The 'swarm' idea applies in culture and the media. 20 years ago, there was only BBC1 and BBC2 and ITV. There were a limited number of national or local newspapers, end of story. Highly channelled and centralised. Although we now have more channels than we could have imagined, the swarm technique now applies in the Blogosphere, where thousands of people can join a Facebook or Myspace group within hours, and contribute comments, and provoke discussion, create crazes. Youtube allows individuals to make their point or post their music. Some people spend 6-10 hours a day on line and never watch live TV, they watch iPlayer.
It has been a recent fashion to have 'render-farms' so that many machines on a network share the task of computing difficult problems or rendering tasks. I have been in the University of Nottingham's 'inner computing centre' and there is no enormous computer. There are racks and racks of interlinked servers, each the size of an iMac laid flat in a rack.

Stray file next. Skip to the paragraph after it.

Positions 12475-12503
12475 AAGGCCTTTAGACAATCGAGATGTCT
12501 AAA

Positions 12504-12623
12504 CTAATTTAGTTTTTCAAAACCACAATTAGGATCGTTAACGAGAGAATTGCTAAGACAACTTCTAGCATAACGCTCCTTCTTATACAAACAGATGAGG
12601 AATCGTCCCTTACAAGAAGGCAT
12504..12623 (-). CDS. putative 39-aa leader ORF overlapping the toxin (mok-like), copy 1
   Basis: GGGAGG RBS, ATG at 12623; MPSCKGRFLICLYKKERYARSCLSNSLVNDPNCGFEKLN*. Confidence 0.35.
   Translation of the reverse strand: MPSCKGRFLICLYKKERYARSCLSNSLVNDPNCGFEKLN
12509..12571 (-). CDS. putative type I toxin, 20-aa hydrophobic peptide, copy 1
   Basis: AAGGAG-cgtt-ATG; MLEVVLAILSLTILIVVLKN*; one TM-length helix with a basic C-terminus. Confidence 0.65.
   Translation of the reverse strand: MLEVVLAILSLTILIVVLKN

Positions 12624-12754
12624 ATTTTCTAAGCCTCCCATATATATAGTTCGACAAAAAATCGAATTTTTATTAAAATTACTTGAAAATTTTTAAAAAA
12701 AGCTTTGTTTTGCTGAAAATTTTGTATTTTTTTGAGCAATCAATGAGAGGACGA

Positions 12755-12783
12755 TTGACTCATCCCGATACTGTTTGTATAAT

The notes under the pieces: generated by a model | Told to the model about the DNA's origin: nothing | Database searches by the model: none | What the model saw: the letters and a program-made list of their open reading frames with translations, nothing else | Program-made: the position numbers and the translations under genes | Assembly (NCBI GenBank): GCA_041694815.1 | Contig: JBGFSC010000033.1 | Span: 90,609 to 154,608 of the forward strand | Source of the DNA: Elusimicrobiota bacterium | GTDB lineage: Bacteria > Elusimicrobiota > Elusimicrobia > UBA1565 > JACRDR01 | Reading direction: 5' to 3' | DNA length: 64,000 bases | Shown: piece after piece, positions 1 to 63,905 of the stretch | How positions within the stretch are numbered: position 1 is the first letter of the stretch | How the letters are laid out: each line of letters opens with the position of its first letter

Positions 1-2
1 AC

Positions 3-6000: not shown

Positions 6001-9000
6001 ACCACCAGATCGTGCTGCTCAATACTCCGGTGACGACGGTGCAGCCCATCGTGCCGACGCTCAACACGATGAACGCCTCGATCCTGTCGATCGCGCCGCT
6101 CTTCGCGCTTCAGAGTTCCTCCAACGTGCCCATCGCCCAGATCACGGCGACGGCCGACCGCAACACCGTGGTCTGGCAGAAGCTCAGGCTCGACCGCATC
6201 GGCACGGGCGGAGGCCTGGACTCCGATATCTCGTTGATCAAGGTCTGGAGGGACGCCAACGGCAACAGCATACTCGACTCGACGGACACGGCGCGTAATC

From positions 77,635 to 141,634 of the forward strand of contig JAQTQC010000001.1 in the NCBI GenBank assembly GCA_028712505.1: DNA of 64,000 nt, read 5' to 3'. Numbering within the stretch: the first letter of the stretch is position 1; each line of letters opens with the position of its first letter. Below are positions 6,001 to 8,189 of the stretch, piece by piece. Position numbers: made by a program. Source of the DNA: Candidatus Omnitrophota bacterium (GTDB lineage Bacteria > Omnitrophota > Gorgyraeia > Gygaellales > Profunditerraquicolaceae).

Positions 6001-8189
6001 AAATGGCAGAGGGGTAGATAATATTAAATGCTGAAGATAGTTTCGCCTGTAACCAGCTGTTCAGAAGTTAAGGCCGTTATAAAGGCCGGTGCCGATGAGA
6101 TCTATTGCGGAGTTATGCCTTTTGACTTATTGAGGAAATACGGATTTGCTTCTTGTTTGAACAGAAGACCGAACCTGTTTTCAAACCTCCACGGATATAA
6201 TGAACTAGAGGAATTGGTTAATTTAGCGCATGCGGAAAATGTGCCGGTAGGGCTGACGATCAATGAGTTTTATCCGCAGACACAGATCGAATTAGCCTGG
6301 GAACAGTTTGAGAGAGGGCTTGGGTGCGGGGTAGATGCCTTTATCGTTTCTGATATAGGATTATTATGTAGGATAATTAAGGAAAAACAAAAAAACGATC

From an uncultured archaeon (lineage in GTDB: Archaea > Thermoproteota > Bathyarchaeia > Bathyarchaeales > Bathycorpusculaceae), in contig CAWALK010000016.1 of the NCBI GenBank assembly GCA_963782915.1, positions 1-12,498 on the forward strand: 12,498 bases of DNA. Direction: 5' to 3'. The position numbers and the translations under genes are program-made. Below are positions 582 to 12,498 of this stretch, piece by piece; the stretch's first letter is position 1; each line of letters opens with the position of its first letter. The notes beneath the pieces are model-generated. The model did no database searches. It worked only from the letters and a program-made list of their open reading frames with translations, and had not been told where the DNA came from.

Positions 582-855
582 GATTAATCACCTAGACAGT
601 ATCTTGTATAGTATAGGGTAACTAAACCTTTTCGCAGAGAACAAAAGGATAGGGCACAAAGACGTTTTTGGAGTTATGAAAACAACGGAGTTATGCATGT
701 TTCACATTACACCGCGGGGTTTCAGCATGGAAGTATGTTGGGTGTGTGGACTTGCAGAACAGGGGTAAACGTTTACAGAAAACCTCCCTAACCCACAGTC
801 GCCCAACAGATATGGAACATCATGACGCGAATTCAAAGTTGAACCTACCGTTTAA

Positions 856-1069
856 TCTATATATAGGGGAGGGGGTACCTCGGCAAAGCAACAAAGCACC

I am leading to the idea that urban areas could have a large number of sunboxes conveniently posted on walls or roofs, often integrating well with buildings, which were conducting solar heat directly underground.
In dense urban areas, the ground is shaded by the trees and well insulated buildings, the tarmac loses as much as it gains and is largely covered by parked cars, and shaded by trees in summer. The visible areas of tarmac are not enough to store solar heat 'accidentally' - so something more deliberate needs to be done. Sunboxes are cheap as a technology, and can be unobtrusive (looking rather like a window), can fit between windows, as part of a facade, in the valley between roofs, or even as part of a balcony surround.